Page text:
employment rights 2 years

Many people don’t realise that since 6 April 2012 new employees must work continuously for two years before they acquire full employment rights. This is known as the “qualifying period” or “two-year rule”.

Why the change?

In 2012, the global economy was in total disarray. The UK, being in the thick of the global recession, saw unemployment rates climb to 8.4% in late 2011. The government at the time needed to drive recruitment and to do this it felt employers needed more flexibility. To achieve this, they changed the law so that employees would need two years’ continuous employment (rather than the previous one year) before they acquired full employment rights. This increased ability to dismiss an employee in the first two years of their employment was intended to reduce reluctance to employ people in the first place.

Where are we now?

With the current cost-of-living crisis, high inflation, and regular increases to the base rate in response, many employers (and employees) are forced to pull their belts tight. Regrettably, this can inevitably lead to job losses.

For some employers, staff with less than two years’ service are ‘low hanging fruit’ where job losses are required. This is because until an employee has two years’ continuous employment, they do not have the right not to be unfairly dismissed.

It is vital however that employers realise there are still claims that can be made in that first two-year period. We call these ‘day one claims’.

Automatically Unfair Dismissal

Claims for most types of automatically unfair dismissal can be made without two years’ service. These include where a dismissal is:

  • in connection with an application for flexible working
  • for a health and safety reason
  • related to the National Minimum Wage
  • for a reason connected with rights under the Working Time Regulations; and / or
  • in connection with exercising the right to be accompanied to a disciplinary or grievance hearing.

Dismissals in connection with spent convictions and TUPE can also be automatically unfair but still require the individual to have two years’ qualifying service to bring a claim.


Regardless of length of service, employees who have a protected characteristic disability are protected against discrimination under the Equality Act 2010.

There are nine protected characteristics: age, disability, gender reassignment, marriage and civil partnership, pregnancy and maternity, race, religion or belief, sex and sexual orientation.

There can be crossover between automatically unfair dismissal and discrimination. For example, dismissal for reasons connected with pregnancy or maternity would be automatically unfair and discriminatory.


Dismissing an employee for making a protected disclosure (i.e., “blowing the whistle”) is unlawful.

Any employer who dismisses a whistleblower, or even just treats them detrimentally, could easily find themselves on the wrong end of a whistleblowing claim and there is no minimum length of service required.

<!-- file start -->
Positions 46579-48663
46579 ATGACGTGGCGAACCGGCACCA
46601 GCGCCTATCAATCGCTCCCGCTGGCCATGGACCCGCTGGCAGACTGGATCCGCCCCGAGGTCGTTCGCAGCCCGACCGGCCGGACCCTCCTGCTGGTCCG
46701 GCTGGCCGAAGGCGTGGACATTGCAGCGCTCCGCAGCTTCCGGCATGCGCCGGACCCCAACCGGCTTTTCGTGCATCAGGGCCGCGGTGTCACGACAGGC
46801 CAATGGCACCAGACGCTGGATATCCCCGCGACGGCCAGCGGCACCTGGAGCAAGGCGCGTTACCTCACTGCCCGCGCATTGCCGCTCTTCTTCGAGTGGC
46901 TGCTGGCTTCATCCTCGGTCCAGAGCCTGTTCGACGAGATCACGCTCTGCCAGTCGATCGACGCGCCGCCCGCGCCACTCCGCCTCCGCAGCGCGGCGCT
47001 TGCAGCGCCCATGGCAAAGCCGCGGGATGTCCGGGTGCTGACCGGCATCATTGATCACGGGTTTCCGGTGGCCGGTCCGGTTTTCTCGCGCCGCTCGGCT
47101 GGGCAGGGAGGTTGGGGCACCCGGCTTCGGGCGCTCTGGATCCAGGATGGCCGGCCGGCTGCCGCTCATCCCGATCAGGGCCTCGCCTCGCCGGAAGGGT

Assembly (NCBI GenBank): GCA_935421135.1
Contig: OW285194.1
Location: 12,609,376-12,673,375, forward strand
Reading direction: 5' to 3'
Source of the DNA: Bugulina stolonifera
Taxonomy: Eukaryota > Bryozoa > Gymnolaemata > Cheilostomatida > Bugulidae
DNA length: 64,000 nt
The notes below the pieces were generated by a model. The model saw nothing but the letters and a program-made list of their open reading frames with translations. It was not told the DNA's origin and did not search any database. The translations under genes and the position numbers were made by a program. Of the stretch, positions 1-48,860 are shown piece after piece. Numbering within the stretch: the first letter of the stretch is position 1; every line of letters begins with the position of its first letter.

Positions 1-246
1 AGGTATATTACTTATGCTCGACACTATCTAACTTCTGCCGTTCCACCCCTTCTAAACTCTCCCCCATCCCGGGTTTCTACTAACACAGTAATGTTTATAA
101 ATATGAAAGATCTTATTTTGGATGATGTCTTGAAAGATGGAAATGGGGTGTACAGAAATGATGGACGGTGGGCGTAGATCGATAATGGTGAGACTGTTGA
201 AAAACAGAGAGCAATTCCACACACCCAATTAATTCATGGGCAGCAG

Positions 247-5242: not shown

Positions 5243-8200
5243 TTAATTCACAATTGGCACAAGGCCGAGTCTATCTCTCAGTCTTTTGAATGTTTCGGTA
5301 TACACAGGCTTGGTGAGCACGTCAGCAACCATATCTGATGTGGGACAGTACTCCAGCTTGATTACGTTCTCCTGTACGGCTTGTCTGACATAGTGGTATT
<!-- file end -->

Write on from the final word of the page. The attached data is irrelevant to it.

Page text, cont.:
Unlike with unfair dismissal claims where the compensatory award is capped at the lesser of 52 weeks’ gross pay or £105,707 (at the time of writing), compensation for a successful whistleblowing claim is uncapped and compensation for injury to feelings can be awarded as well.

The law around whistleblowing is complex and so any employer considering dismissing an employee who may have made a protected disclosure should take expert advice before acting.

Breach of contract

Any party to a contract can make a claim in response to a breach of that contract from the point in time it is in force. As such, an employee can bring a breach of contract claim without two years’ continuous service.

In employment law, one of the most common breach of contract claims is for unpaid wages, particularly unpaid notice pay. Employers should therefore always ensure they know what notice is required under an employment contract and what other contractual obligations are in place.

The other thing for employees to be mindful of is whether their Staff Handbook forms part of an employee’s contract. If so, departure from policies or procedures relevant to a dismissal, e.g., a disciplinary policy or a redundancy policy, could give rise to a breach of contract claim.

Practical steps for employers

Even when confident that a decision to dismiss an employee with less than two years’ continuous service is the right decision, employers should meet with that employee to discuss matters before dismissing them. This is an employer’s opportunity to ‘set out their stall’ and, perhaps more importantly, to see what the employee has to say in response.

Such a meeting is useful because it should allow an employer to identify any underlying issues that may lend themselves to a ‘day one claim’, the presence of which would require an employer to tread more carefully. This is particularly so in cases of poor performance and absence.

Some employers may say that such a meeting only serves to give an employee the chance to delay their dismissal by feigning ill health or some other potential ‘day one claim’. Inevitably, there will be some who will do that. However, those employees are likely to be few and far between and avoiding stumbling into a day one claim is the lesser of those two evils.


Even though employees have fewer employment rights in the first two years of their employment, no employer should assume they have carte blanche to dismiss at will. It’s a good idea to seek legal advice in this circumstance and we are here to help.


If you have any further inquiries regarding Employment Rights, please feel free to contact our Employment Team and we would be happy to help.